HIGH CONTRAST TUMOR IMAGING WITH RADIO-LABELED ANTIBODY FAB FRAGMENTS TAILORED FOR OPTIMIZED PHARMACOKINETICS VIA PASYLATION
Claudia T Mendlerab, Lars Friedricha, Iina Laitinenb, Martin Schlapschya, Markus Schwaigerb, Hans-Jürgen Westerc & Arne Skerraad. (20-01-2015).Taylor & Francis Group, LLC, 2015, DOI: 10.4161/19420862.2014.985522
Research Area A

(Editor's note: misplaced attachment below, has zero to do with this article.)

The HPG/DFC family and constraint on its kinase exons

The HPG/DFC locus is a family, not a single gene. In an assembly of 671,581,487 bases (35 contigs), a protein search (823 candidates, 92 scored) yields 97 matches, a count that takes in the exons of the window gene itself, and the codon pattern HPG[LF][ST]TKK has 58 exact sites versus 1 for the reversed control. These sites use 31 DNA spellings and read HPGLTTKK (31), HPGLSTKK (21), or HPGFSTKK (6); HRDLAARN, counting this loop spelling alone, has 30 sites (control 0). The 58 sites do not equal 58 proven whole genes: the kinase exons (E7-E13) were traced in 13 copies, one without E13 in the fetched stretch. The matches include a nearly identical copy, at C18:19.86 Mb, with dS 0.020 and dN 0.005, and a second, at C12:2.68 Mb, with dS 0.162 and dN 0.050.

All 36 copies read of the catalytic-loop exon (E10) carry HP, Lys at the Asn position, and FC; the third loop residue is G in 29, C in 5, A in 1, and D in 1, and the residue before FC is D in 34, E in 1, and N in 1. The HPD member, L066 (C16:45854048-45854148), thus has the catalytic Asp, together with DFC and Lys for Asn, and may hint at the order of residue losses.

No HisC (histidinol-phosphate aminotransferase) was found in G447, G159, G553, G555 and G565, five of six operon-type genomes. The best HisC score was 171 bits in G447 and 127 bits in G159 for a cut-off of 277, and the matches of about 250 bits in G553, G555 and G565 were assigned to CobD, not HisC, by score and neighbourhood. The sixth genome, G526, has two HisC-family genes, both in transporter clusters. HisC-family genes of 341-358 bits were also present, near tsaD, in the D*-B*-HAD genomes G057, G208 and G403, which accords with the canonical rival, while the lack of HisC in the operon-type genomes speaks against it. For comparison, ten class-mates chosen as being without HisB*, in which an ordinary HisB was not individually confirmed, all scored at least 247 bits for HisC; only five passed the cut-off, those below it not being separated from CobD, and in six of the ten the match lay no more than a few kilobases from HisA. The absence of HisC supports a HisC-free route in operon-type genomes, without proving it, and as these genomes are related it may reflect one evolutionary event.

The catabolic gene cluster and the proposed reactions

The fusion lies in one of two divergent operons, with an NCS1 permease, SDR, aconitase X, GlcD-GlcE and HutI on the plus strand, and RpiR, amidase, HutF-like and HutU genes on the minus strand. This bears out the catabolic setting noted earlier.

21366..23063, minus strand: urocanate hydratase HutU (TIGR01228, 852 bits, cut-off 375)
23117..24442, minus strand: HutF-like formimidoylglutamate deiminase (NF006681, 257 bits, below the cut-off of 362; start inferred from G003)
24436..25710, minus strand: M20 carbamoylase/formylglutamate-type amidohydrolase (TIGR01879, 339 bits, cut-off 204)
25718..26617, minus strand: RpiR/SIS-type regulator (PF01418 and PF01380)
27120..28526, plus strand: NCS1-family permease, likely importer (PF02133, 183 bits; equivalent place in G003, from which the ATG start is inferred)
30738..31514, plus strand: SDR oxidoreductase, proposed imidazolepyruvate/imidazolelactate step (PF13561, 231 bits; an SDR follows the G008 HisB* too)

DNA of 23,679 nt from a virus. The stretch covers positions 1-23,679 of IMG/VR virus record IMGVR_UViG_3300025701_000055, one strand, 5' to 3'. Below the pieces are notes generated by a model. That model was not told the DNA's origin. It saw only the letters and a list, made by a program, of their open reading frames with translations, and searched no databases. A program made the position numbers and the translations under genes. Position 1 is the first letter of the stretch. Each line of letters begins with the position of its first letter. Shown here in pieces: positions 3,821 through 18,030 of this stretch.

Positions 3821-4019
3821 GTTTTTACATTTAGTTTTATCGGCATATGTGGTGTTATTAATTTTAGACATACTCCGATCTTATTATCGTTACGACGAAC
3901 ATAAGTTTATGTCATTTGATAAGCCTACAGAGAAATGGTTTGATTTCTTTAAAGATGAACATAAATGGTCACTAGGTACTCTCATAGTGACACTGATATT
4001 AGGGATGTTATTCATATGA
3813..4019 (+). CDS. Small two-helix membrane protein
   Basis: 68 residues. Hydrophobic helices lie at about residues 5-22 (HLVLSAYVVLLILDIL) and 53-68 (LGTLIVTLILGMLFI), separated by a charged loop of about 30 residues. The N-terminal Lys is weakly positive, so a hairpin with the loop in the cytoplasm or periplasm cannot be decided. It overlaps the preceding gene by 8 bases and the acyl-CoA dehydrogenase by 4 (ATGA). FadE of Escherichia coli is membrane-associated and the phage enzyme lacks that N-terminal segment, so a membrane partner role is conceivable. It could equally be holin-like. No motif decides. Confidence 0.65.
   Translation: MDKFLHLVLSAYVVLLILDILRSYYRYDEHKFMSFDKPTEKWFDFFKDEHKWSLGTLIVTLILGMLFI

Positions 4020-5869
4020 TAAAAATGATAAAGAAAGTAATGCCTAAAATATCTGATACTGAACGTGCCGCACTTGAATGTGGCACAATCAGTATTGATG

Although antigen-binding fragments (Fabs) of antibodies constitute established tracers for in vivo radiodiagnostics, their functionality is hampered by a very short circulation half-life. PASylation, the genetic fusion with a long, conformationally disordered amino acid chain comprising Pro, Ala and Ser, provides a convenient way to expand protein size and, consequently, retard renal filtration. Humanized aHER2 and aCD20 Fabs were systematically fused with 100 to 600 PAS residues and produced in E. coli. Cytofluorimetric titration analysis on tumor cell lines confirmed that antigen-binding activities of the parental antibodies were retained. The radio-iodinated PASylated Fabs were studied by positron emission tomography (PET) imaging and biodistribution analysis in mouse tumor xenograft models. While the unmodified aHER2 and aCD20 Fabs showed weak tumor uptake (0.8% and 0.2% ID/g, respectively; 24 h p.i.) tumor-associated radioactivity was boosted with increasing PAS length (up to 9 and 26-fold, respectively), approaching an optimum for Fab-PAS400. Remarkably, 6- and 5-fold higher tumor-to-blood ratios compared with the unmodified Fabs were measured in the biodistribution analysis (48 h p.i.) for aHER2 Fab-PAS100 and Fab-PAS200, respectively. These findings were confirmed by PET studies, showing high imaging contrast in line with tumor-to-blood ratios of 12.2 and 5.7 (24 h p.i.) for aHER2 Fab-PAS100 and Fab-PAS200. Even stronger tumor signals were obtained with the corresponding aCD20 Fabs, both in PET imaging and biodistribution analysis, with an uptake of 2.8% ID/g for Fab-PAS100 vs. 0.24% ID/ g for the unmodified Fab. Hence, by engineering Fabs via PASylation, plasma half-life can be tailored to significantly improve tracer uptake and tumor contrast, thus optimally matching reagent/target interactions.